Foreign Policy Blogs


Be sure to check out this article by Claude Salhani in the Middle East Times.   Relevant to Bush's Middle East trip, a large part of which was dedicated to shoring Gulf states’ support for solidarity against Iran, it is titled “What Does Iran Want?”

That's a damn good question, and Salhani addresses it in his short article.   He toys with the idea of Shi’ite unity and of the tactical defense having a nuclear weapon would provide.   But it is at the end of his article that he comes up with a thesis not mentioned nearly often enough. 

The Iranian Revolution is fed by perpetual upheaval. Like any revolution, if it stops, it dies. This may partially explain the regime's involvement in fomenting unrest so that it can sustain itself. The greatest danger to the Islamic Revolution are not threats of a military invasion by the United States. Quite the contrary. These threats only strengthen the regime by awakening nationalist feelings. Indeed, the biggest danger to the Iranian regime would be for the United States to normalize relations with Iran.

That is an excellent point.  Most regimes, however lofty their goals may be when taking the throne, devolve into a desperate battle to retain power.  Not all revolutions are the same, but most fizzle into similar entropic states.    Keeping up tension is the only way to even partially sustain the energy needed to keep perpetual motion.    There are surely many factors to Iran wanting to be a major player in the Gulf, and for its support for Hezbollah, Hamas, Syria et al, but when planning policy toward Iran it is important to remember that one of its motivations is merely the continuation of power.   It is vital not to play into that.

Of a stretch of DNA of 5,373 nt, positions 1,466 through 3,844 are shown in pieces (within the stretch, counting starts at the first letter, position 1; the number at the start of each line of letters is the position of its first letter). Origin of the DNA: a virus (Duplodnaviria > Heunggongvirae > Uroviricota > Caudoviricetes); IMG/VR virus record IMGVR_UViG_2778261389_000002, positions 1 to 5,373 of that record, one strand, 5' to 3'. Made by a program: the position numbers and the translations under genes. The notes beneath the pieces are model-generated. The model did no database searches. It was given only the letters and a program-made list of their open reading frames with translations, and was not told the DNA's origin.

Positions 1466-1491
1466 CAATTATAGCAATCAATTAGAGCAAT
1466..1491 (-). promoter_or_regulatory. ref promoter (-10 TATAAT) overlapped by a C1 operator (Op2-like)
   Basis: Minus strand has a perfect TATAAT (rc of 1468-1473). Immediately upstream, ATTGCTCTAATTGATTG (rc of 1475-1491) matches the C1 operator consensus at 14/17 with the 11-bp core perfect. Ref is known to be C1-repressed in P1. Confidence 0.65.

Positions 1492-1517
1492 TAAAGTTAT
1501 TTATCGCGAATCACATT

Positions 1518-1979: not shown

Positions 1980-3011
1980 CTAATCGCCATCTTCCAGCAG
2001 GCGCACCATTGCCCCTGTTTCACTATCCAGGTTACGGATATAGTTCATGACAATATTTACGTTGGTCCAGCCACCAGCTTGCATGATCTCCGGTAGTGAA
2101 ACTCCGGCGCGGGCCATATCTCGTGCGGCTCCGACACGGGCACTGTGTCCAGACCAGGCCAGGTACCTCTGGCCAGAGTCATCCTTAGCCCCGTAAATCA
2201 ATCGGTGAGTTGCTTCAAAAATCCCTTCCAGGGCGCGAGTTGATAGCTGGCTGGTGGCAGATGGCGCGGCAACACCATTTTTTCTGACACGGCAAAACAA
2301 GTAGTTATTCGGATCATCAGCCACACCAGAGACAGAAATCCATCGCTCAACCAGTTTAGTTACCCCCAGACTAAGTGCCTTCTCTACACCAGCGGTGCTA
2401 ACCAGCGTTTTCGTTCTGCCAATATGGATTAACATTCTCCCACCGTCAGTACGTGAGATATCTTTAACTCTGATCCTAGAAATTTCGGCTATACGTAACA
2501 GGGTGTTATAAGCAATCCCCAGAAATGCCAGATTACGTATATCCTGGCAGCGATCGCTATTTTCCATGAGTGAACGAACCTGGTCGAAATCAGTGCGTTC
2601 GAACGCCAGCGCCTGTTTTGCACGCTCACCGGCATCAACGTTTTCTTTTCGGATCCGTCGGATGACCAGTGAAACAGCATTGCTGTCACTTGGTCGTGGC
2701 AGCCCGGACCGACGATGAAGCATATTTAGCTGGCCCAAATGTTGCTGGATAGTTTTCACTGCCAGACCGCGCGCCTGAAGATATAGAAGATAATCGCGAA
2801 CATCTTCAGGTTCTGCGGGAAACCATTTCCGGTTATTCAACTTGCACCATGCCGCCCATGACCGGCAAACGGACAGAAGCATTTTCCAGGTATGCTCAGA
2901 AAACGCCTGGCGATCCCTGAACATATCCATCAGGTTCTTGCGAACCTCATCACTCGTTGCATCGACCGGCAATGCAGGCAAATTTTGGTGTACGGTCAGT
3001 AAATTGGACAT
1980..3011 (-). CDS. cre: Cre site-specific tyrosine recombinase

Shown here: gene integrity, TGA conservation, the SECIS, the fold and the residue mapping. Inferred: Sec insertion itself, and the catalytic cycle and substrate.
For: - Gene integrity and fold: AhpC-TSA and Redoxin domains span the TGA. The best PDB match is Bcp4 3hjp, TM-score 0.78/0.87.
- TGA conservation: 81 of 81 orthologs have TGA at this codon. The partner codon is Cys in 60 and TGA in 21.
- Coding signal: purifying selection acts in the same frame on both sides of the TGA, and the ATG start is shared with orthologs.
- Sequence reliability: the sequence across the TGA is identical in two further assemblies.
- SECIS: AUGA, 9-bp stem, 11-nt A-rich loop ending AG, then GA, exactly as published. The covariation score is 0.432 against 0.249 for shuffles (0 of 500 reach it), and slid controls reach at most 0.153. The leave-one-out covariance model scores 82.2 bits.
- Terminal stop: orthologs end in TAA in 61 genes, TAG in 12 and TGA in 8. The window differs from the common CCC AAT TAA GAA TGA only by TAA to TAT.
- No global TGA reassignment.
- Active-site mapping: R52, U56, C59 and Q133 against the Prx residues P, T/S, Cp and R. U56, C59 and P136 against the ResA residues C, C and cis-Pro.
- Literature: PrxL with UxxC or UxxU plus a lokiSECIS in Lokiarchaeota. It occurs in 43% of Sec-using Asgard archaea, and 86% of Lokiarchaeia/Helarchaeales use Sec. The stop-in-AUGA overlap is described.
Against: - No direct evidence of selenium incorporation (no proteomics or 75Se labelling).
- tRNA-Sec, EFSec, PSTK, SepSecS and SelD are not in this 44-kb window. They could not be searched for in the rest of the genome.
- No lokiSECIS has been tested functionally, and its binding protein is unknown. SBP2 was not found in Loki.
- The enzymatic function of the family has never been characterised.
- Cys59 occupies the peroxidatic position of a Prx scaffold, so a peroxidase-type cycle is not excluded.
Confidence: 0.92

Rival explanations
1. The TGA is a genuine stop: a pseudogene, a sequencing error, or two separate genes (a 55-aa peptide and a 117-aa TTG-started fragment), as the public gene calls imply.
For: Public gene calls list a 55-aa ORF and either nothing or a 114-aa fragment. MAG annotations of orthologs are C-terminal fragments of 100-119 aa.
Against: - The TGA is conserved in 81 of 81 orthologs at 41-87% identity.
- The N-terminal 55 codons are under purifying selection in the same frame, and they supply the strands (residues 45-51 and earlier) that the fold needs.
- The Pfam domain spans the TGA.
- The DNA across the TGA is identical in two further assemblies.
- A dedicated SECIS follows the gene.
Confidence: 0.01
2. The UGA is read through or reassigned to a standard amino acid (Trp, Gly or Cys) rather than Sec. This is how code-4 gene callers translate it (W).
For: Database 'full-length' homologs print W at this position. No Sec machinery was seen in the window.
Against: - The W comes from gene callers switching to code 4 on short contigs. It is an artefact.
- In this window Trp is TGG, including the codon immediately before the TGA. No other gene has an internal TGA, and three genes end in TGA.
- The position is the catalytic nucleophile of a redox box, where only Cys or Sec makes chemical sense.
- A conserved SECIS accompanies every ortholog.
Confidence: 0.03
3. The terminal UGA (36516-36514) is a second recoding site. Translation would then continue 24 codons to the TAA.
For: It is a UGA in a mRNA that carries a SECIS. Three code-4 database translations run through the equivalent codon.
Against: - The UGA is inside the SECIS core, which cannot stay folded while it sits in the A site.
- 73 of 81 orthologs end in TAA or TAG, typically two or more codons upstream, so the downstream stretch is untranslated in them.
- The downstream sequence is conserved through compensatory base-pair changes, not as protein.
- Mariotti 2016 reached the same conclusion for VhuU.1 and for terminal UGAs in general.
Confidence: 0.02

Brian O'Neill

Brian O'Neill is a freelance writer currently based out of Chicago. He has lived in Egypt and in Yemen, and worked as a writer and editor for the Yemen Observer publishing company. He currently is an analyst with the Jamestown Foundation.